US & Canada

Ebola crisis: Alert in US expands to Ohio

Frontier flight Image copyright AP
Image caption Frontier Airlines is tracing passengers

Health officials in the US believe a nurse infected with Ebola may have been sick and contagious for four days - and took two flights - before diagnosis.

They believe Amber Vinson may have become ill as early as last Friday, when she flew from Dallas to Ohio.

Disease control specialists are being sent to Ohio to help monitor people she came into contact with there.

The virus has killed more than 4,000 people, almost all in West Africa, but infections are increasing in the West.

Former UN Secretary General Kofi Annan has said he is "bitterly disappointed" with the international response.

In an interview with the BBC's Newsnight programme, Mr Annan said richer countries should have moved faster.

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Media captionKofi Annan: "The international community... we didn't need to take months"

His comments came after the World Health Organization said it would "ramp up" efforts to prevent Ebola spreading beyond the region most affected by the deadly virus.

For the second day running, US President Barack Obama met with top officials involved in the Ebola containment in the US.

He repeated his resistance to growing demands from Republicans to implement a travel ban to the US from countries ravaged by the illness, saying it would not be effective.

And referring to Ms Vinson, he said: "It is very important that we are monitoring and tracking anyone who was in close proximity to this second nurse."

She is the second nurse to have become infected while caring for a Liberian Ebola patient in Dallas.

Image copyright Akron Public Schools
Image caption Amber Vinson travelled on an aeroplane before showing symptoms
Image copyright Getty Images
Image caption A school in Dallas was subject to intensive cleaning because four parents were on Ms Vinson's flight

The Centers for Disease Control and Prevention (CDC) now believes Ms Vinson may have had a slight fever when she travelled home to Cleveland, Ohio, last Friday.

The agency wants to interview passengers on her Dallas to Cleveland flight as well as her return flight five days later.

She was diagnosed with Ebola on Tuesday, the morning after flying home to Texas.

Can you catch Ebola on a plane?

The CDC says the risk to "any around that individual on the plane would have been extremely low".

This is because the virus is not airborne like flu.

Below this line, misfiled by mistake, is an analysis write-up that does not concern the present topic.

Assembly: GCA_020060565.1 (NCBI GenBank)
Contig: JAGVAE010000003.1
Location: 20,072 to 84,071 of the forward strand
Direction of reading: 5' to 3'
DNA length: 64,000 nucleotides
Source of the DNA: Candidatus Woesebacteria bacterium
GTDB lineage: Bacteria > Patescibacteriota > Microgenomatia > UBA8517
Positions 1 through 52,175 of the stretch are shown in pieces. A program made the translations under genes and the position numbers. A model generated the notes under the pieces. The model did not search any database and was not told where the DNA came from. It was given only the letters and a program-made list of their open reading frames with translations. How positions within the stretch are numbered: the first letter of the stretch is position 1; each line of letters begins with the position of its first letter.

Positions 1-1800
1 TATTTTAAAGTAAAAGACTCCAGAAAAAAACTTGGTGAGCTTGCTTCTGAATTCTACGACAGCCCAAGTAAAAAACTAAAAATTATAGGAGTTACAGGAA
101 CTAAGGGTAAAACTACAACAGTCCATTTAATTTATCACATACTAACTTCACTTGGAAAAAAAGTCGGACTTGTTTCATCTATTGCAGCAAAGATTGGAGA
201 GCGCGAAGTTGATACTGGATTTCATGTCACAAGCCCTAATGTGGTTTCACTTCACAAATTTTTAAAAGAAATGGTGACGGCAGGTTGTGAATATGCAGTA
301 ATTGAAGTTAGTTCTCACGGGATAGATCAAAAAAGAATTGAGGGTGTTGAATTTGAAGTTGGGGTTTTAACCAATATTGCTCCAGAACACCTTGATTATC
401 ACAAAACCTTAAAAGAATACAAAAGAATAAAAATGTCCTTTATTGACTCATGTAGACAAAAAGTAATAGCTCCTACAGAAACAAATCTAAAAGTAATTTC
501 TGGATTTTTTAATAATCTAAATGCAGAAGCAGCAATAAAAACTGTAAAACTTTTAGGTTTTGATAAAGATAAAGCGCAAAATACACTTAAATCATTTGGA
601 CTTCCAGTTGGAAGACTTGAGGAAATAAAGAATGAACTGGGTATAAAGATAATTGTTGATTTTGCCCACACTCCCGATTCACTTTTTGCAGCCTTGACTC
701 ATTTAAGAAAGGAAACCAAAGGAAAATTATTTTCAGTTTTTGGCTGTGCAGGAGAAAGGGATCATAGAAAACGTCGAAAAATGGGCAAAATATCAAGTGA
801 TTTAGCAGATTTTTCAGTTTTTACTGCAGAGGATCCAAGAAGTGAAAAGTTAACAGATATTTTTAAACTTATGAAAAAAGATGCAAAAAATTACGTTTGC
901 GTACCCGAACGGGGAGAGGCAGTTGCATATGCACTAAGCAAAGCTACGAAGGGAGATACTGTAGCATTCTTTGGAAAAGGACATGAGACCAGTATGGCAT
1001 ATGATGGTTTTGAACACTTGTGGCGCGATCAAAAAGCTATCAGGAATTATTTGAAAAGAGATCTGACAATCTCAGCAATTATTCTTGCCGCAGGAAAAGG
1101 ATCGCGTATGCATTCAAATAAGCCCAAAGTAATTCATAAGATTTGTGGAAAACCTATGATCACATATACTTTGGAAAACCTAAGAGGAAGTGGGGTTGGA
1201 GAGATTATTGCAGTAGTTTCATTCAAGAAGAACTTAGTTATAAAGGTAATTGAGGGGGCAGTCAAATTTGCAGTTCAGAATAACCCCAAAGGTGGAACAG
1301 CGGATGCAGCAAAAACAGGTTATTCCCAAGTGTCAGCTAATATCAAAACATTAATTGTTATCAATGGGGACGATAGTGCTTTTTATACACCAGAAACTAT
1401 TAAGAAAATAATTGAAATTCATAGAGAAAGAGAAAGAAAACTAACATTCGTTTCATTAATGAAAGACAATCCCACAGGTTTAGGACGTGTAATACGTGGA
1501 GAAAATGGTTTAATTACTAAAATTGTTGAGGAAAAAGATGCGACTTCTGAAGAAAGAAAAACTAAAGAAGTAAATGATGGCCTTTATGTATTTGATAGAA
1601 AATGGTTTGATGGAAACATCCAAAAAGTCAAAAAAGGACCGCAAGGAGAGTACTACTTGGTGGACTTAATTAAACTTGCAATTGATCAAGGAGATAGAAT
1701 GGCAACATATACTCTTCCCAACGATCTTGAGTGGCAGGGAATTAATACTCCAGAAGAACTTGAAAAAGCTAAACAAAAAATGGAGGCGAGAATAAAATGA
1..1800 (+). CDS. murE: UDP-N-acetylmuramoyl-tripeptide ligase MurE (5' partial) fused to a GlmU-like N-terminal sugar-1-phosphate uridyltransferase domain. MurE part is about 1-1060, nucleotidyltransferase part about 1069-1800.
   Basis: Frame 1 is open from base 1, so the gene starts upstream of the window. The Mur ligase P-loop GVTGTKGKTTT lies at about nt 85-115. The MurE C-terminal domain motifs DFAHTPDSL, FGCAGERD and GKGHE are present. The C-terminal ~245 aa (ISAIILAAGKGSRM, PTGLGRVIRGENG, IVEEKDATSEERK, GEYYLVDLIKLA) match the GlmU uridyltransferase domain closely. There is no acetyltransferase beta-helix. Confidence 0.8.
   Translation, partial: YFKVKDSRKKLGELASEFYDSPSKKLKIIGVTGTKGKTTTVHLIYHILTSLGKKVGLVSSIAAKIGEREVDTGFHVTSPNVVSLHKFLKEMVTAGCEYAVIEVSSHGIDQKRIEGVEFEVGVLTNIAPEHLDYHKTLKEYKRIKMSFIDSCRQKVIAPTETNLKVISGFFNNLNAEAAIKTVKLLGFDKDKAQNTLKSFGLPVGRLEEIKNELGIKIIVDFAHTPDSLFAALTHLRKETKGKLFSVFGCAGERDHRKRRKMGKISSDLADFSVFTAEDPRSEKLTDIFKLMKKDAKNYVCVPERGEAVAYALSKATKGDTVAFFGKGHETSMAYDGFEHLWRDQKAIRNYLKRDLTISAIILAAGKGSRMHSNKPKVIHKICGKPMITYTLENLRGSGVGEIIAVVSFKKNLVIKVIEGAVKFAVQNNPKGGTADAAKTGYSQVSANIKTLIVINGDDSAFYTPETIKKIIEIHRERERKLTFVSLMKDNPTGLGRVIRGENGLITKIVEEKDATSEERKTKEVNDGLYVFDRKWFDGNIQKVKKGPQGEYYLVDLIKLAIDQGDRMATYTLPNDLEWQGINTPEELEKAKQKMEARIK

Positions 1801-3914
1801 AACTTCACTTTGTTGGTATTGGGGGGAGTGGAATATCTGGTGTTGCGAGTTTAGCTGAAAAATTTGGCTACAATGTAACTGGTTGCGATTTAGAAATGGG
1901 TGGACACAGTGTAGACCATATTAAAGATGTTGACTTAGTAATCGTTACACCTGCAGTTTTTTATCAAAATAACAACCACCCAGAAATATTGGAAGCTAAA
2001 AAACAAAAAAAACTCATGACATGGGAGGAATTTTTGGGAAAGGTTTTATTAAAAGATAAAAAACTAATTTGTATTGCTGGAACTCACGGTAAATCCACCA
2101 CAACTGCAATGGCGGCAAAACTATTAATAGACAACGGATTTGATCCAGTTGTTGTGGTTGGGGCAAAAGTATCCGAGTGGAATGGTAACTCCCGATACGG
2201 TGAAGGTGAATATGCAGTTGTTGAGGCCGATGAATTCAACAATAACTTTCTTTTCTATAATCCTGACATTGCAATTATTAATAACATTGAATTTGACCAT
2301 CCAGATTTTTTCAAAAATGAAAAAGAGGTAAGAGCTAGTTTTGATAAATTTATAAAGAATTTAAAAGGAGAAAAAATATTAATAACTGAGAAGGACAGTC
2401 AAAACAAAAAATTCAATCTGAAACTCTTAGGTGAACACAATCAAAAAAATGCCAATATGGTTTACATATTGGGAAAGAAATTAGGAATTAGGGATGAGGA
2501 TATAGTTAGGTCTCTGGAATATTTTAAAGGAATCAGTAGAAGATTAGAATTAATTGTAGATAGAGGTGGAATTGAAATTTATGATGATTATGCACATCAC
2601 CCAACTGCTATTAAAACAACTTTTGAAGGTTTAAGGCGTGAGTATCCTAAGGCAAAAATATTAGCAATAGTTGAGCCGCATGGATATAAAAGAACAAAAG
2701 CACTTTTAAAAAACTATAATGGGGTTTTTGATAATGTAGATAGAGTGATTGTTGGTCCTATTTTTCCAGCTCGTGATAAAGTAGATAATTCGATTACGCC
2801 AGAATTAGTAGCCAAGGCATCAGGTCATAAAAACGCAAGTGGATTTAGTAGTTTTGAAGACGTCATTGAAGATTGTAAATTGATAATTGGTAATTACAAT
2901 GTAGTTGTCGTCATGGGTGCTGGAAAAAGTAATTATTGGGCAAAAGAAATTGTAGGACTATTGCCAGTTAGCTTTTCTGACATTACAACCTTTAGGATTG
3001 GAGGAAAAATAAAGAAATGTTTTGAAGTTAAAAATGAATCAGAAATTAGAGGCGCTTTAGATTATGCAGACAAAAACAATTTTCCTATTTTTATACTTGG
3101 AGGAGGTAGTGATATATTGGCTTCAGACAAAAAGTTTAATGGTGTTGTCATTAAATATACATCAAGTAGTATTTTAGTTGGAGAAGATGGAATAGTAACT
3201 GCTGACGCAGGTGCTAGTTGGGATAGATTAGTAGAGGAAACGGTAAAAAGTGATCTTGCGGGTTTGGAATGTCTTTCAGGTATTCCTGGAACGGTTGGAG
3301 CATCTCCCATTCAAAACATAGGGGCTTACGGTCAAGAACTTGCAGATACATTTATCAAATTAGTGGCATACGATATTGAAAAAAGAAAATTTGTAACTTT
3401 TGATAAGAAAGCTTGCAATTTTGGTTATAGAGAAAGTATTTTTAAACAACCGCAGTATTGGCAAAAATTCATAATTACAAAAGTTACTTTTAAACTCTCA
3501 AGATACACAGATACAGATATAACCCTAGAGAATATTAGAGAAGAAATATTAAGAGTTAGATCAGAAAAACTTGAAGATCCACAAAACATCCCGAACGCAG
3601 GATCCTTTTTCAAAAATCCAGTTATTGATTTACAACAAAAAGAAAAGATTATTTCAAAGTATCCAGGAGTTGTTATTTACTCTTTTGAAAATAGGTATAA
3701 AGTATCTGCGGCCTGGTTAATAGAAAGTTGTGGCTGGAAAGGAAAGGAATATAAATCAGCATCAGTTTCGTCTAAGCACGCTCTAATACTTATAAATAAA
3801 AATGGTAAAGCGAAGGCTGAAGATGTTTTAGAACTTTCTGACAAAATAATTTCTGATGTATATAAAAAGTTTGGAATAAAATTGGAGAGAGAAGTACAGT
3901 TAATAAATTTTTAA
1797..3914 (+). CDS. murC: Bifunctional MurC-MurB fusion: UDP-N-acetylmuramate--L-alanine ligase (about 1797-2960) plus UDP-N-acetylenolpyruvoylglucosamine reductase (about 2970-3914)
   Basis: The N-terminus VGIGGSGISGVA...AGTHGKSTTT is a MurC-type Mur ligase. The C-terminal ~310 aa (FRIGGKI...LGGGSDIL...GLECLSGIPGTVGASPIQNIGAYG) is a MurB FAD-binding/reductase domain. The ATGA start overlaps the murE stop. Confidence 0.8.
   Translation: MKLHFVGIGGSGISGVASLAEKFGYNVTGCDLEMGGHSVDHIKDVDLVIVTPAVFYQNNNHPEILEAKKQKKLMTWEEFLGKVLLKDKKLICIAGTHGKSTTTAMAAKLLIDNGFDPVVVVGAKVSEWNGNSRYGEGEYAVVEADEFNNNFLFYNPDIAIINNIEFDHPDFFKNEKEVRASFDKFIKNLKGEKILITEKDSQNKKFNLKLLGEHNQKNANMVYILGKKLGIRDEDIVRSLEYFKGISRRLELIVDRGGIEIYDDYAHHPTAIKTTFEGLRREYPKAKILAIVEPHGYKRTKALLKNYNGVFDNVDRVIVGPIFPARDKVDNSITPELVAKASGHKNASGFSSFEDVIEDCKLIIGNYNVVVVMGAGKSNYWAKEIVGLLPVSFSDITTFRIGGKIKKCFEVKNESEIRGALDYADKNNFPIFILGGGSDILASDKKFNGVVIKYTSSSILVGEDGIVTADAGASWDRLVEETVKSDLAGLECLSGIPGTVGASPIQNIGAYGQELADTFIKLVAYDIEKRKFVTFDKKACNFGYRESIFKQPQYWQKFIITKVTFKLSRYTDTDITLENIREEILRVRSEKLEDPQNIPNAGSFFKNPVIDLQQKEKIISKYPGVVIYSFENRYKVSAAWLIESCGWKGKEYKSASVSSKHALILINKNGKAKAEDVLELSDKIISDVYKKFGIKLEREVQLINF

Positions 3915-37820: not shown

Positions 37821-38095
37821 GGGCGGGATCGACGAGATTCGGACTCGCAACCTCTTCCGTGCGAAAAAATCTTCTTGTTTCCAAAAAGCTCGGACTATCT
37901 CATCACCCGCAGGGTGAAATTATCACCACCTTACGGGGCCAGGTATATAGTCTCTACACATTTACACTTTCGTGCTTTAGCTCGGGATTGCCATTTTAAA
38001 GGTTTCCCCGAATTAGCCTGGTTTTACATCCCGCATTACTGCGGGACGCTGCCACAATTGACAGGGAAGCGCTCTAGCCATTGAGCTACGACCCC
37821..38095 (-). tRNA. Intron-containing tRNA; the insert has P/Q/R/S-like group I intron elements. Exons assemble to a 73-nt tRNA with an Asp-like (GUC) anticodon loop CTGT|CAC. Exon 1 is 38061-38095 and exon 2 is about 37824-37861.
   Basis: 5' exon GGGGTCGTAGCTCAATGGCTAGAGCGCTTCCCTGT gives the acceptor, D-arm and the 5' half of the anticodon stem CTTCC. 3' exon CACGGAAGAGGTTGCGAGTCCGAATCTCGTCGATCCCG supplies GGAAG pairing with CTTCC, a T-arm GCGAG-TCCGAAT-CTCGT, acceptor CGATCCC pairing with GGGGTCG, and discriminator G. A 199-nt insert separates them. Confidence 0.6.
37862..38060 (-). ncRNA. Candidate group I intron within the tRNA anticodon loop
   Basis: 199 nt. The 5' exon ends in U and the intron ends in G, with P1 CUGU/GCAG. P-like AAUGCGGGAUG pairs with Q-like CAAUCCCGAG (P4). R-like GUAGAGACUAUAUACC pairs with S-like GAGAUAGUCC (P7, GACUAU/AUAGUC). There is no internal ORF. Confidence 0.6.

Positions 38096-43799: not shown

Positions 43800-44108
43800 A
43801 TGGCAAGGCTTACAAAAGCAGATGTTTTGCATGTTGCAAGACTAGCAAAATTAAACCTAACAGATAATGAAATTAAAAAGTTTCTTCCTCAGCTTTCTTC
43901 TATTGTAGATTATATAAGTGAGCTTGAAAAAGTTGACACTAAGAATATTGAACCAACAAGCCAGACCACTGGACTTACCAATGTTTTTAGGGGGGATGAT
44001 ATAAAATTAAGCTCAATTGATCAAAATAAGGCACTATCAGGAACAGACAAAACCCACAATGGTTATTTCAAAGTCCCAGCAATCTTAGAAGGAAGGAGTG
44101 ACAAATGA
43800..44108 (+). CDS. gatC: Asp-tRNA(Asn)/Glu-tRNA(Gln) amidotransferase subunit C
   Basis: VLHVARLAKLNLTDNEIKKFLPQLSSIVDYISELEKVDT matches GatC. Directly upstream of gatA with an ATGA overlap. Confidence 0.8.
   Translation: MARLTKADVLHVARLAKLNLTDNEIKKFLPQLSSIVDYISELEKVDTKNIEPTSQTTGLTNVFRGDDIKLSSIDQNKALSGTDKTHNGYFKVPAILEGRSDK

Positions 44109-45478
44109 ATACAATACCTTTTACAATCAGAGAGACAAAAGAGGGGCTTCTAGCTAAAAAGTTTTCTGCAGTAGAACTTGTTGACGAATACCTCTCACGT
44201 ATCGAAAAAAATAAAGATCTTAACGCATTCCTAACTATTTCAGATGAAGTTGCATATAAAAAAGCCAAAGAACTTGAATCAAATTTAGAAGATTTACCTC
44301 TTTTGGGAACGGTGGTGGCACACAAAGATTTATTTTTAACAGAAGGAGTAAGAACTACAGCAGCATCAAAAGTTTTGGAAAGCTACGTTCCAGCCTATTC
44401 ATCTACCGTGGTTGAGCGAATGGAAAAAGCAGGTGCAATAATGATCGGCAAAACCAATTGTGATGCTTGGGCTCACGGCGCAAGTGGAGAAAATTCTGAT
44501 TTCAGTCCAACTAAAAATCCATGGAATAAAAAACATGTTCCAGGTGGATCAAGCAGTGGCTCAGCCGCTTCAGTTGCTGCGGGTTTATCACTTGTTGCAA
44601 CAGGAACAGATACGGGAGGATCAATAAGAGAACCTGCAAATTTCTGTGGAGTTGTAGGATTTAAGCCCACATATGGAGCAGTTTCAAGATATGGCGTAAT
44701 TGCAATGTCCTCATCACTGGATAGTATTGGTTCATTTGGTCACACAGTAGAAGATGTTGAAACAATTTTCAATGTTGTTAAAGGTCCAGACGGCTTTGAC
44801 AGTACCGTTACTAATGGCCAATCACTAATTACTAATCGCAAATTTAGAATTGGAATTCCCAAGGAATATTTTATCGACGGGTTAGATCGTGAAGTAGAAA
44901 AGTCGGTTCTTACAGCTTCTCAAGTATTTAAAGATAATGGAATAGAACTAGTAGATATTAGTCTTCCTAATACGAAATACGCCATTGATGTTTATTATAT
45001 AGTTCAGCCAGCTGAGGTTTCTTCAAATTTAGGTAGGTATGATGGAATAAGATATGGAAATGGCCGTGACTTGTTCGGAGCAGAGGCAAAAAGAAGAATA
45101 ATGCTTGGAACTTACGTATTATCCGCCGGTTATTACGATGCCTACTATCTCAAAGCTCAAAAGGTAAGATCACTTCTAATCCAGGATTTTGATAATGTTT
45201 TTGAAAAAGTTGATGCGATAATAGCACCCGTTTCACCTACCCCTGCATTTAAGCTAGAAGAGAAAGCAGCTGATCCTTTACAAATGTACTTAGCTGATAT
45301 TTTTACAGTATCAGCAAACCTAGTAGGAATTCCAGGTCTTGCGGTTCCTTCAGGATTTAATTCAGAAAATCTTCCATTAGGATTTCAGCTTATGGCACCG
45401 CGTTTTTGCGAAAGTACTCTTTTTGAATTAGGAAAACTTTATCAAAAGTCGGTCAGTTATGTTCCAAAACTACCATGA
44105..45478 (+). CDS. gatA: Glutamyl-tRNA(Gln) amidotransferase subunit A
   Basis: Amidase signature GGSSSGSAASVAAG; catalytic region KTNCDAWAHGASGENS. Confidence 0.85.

Anyone on the same flight as a patient would not be at risk from breathing in the same cabin air.

And it's extremely unlikely that someone would catch Ebola from an armrest, a touchscreen television, or a tray.

Ebola and aircraft

Her movements in Cleveland have been tracked to see who she came into contact with - two schools and a bridal shop were closed as a precaution.

CDC boss Tom Frieden faced hard questions from members of Congress on Thursday about how the nurses became infected while caring for Duncan.

He said the investigation is ongoing, but a national nurses' union has suggested infection control procedures were lacking and the nurses were not sufficiently trained.

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Media captionVideo of US nurse Nina Pham who caught Ebola in Texas released by hospital

After meeting his advisers, Mr Obama repeated his belief that the disease needs to be tackled at source.

He has authorised the calling-up of National Guard troops and reserves, if necessary, to fight the spread of Ebola in West Africa.

Nearly 4,000 US troops are being sent to the region to assist in containing the virus, mainly by building treatment units.

The president also said he was open to appointing someone to head the Ebola response in the US, a so-called czar.

Earlier, the top doctor at the beleaguered Dallas hospital apologised for its failure to diagnose Mr Duncan sooner.

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Media caption"I said goodbye to David and wondered if I would ever see him again"

Both nurses who became infected treating Mr Duncan have been moved to specialist units for further treatment.

Nina Pham is reportedly in a good condition and has been transferred to the National Institutes of Health in the US state of Maryland.

Well-wishers gathered outside the hospital in Dallas to show their support as her ambulance left the building.

Ms Vinson was sent to Emory University Hospital in Atlanta on Wednesday.

Like several other Western countries, the US is now screening passengers arriving from the three countries most affected - Liberia, Sierra Leone and Guinea - at multiple airports.